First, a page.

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Salary: $92k - $112k
Tasks: Responsible for planning and designing mines, ensuring maximum structural stability.
Executive Operations Manager
Salary: $92k - $112k
Tasks: Ensure optimal resource utilization and exploitation, develop improvement strategies, lead and manage operation teams.
Salary: $90k - $110k
Tasks: Staffing, overall management of mining projects, performance evaluation, promotion of a safe work environment.
Salary: $73k - $89k
Tasks: Designs machines and mechanical installations, evaluates machinery, sets up work control systems.
Salary: $68k - $84k
Tasks: Researches formation dissolution and content of rock layers, studies variation in rock formation and densities.
A college degree is not necessary for a career as a mine manager, but only 17% are high school only graduates.
43% hold a Bachelor's Degree.
27% hold a Master's Degree.
Salary: $80k - $89k
Tasks: Supervise miners, ensure meeting of quotas, maintain an efficient work environment.
Equipment Operator Miner
Salary: $54k - $66k
Tasks: Safely and efficiently operate mining equipment.
Salary: $37k - $45k
Tasks: Operate heavy machinery, drill blasting holes, transport coal, lay out and build underground mines.
The average age of a coal miner: 20 - 45 years old.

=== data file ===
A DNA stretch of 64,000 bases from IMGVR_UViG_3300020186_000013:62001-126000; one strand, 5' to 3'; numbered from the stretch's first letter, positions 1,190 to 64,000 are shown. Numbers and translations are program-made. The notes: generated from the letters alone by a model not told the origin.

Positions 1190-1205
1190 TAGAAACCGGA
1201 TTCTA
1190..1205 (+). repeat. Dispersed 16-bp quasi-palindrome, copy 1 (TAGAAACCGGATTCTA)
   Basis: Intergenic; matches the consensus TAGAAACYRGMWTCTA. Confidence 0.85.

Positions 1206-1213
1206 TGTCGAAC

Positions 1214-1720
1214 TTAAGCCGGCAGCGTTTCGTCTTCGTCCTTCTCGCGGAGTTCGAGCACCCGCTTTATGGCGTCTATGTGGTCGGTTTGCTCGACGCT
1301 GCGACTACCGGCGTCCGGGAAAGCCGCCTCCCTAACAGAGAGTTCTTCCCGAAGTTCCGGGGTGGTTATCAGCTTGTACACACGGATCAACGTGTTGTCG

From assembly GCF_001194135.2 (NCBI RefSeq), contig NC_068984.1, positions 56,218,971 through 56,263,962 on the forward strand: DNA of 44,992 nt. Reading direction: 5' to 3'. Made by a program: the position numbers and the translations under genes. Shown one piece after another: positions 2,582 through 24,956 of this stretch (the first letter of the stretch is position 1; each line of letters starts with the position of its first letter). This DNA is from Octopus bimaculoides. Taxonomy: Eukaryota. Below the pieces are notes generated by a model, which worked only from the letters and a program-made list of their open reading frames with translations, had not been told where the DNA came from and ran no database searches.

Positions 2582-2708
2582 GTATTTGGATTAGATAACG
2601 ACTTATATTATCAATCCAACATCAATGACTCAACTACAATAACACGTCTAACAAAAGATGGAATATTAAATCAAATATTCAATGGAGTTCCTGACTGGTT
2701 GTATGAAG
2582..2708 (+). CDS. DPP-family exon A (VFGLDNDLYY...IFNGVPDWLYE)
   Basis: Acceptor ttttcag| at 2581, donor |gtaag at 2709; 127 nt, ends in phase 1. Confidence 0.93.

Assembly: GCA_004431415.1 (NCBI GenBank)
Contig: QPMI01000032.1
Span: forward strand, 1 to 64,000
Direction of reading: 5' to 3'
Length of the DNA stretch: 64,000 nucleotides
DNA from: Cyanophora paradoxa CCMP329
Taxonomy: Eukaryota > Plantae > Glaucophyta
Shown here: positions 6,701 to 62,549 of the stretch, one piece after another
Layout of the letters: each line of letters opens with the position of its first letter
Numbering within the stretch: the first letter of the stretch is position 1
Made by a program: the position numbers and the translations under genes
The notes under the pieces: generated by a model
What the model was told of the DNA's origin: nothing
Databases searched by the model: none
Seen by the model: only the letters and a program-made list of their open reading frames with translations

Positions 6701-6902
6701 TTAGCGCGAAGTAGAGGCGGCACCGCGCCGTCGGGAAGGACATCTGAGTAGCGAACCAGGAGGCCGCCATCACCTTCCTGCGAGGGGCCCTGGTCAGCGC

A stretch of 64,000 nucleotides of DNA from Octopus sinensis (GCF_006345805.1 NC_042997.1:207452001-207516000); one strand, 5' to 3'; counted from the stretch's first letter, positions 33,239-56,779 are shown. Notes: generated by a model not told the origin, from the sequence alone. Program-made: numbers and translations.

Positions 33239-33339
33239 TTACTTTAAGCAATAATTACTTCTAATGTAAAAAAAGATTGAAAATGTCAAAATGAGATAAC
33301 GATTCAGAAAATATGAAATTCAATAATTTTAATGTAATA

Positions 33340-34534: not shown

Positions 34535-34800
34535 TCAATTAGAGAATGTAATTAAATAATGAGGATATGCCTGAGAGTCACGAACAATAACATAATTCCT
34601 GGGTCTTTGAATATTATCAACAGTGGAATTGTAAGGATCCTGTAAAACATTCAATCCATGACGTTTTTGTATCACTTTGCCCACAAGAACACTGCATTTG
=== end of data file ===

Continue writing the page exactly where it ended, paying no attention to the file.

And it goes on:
Salary: $94k - $114k
Tasks: Assess costs and estimate production capabilities, monitor production rates, develop plans, analyze data to recommend placement of wells.
Drilling Operations Manager
Salary: $80k - $98k
Tasks: Manage daily drilling, production, and engineering operations, manage the planning and execution of drilling projects, plan and develop revisions.
The process of drilling for oil on a modern oil rig is mostly automatic; the driller's primary function is to supervise the work of the crew managing these operations.
Salary: $70k - $86k
Tasks: Study and examine variations in rock formations and mineral samples to identify new gas and oil deposits, analyze integrity of wells, estimate size and quality of deposits.
Salary: $87k - $107k
Tasks: Supervise daily drilling operations and manage drillers and their crews, plans delivery of orders for new materials and tools.
Salary: $65k - $79k
Tasks: Ensure compliance with all regulating bodies such as ATF and OSHA, drill holes and supervise use of dynamite, maintain an accurate drill log.
Salary: $35k - $43k
Tasks: Conduct routine equipment inspection, assist driller during operations, ensure accuracy of fuel inventories.
Geology and other earth science degrees and careers are the starting point for many eventual CEOs in the oil and natural gas industries.
Data: Comes from Indeed.com, and represents national averages based on current job listings. Note that entry-level positions for High School graduates are often paid hourly, and averages listed are based on a 40-hour work week.
RIG SOURCE INC.